I hear purring.  I hear satisfied and taunting purring.

I look at that rumpled mess of a made bed.  No order, no smooth lines.  Finally I realize that as long as I have these mischievous felines, I will have a lumpy bed.  You can’t make a bed properly with cats around.

Once I realize this, I just go about the process of making the bed differently.  I loosen the corners, I fluff up the blankets, and I invite a cat into caverns and caves I design. 

Those things I resist, those battles I fight, might be moments of surrender to the annoyance.  Some evenings, I retire to bed to see round lumps hiding under the covers.   Purring.  Loud purring.   It’s funny.  It’s endearing.  It’s a source of delight.

Could the things that annoy me the most become a source of delight somehow?  Those things about my family members that I want to change might become endearing things.  Things I would miss if I didn’t have them around.

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Your 30 Minutes of Free Time

I ask my students what they would do if I gave them 30 minutes of free time.  What if I let class out early?  How would they spend their time if I gave them recess?

With unexpected minutes given them, they’d drink more coffee.  They’d study more for the exam at 10:00 AM. They’d prepare more for a presentation. 

A recess refers to a period of time when a person or group is temporarily dismissed from duties.  In schools, teachers mandate recess.  Children go outside to play, and they do not feel guilty about missing work or losing precious minutes of productivity.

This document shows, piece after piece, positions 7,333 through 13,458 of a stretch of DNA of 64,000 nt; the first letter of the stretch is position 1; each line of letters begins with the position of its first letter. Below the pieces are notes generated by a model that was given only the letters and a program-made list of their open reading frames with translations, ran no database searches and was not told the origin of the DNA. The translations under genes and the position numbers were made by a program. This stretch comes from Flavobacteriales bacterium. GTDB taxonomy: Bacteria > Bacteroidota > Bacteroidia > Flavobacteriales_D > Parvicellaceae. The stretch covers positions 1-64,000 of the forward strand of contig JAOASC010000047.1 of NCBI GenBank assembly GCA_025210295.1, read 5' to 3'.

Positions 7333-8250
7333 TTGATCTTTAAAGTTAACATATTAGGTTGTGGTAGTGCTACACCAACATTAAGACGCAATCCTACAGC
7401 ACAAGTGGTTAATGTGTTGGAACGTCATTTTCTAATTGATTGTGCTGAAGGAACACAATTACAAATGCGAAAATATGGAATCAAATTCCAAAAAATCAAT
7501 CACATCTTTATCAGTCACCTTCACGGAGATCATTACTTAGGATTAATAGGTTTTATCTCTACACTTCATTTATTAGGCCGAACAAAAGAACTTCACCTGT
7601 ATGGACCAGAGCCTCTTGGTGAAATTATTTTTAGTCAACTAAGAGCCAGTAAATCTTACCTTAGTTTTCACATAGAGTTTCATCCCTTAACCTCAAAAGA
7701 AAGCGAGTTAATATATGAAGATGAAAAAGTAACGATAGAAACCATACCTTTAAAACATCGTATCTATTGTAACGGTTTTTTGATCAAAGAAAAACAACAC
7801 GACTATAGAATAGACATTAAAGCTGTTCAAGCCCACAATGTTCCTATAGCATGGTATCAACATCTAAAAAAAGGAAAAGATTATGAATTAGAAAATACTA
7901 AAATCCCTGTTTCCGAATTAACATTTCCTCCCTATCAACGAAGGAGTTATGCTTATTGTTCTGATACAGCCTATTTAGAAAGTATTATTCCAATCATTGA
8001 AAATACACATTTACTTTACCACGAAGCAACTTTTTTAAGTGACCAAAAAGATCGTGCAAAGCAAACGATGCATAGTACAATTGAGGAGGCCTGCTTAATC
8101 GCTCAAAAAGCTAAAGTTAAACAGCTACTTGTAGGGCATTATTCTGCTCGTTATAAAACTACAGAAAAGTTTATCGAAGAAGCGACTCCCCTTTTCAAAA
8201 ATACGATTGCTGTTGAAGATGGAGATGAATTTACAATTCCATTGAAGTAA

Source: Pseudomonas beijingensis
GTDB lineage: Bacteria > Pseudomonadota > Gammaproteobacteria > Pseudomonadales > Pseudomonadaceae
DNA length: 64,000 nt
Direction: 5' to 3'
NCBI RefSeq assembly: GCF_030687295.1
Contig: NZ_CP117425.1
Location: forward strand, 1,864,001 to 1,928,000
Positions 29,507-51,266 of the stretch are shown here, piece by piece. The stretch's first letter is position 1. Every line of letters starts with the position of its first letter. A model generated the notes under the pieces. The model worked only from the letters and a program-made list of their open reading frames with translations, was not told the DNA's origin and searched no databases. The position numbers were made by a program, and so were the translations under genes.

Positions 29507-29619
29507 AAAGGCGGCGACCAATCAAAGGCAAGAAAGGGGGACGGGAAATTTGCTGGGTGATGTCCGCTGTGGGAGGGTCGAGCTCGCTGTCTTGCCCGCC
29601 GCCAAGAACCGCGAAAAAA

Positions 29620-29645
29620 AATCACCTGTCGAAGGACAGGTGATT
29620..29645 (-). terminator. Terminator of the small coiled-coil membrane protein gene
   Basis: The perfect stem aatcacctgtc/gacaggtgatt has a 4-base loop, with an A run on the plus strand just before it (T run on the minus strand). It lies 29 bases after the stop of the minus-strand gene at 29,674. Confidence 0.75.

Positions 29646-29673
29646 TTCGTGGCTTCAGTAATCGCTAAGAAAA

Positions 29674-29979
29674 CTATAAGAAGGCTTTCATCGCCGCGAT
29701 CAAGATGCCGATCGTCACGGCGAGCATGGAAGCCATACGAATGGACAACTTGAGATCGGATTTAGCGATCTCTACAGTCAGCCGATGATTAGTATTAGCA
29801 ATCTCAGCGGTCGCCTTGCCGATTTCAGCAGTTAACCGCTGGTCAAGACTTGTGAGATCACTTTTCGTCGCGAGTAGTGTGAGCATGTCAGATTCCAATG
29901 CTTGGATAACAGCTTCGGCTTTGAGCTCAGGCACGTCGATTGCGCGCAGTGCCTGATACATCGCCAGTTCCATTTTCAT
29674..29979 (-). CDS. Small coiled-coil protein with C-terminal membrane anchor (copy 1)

Other cultures regularly foster guilt-free recess moments in the form of a siesta or tea time.

I’m thinking of instituting siesta, high tea, or recess as part of my day because in the absence of a mandated time, I fear American culture resists free time.   

Stop everything.  Go outside.  Relax and just enjoy something.  For 30 minutes–without my phone or computer–I have to go play.  I might rest on my bed.  I might sip a cup of tea.  I could even kick a ball around in my driveway.

Once I asked a woman to share with me her top 5 ways to relax and rejuvenate.  She couldn’t think of one.

Recently, my children forged a trail through a forest so vibrant with autumn colors it seemed the heavens spilled paint down.  I walked with my husband and a neighbor as the sun set through the pine trees with that unmistakable golden light. 

The world moved on around us–the hustle and bustle–but out here in the woods, we had recess.  Maybe tomorrow we’ll have afternoon tea.  Maybe Sunday we’ll take a Sabbath siesta in a homemade fort.  Whatever form it takes, I’m ringing the bell to release us out to the playground.

30 minutes of free time built into our day–like a class we have to attend–sounds like rejuvenation:  restoring vitality, making us fresh again.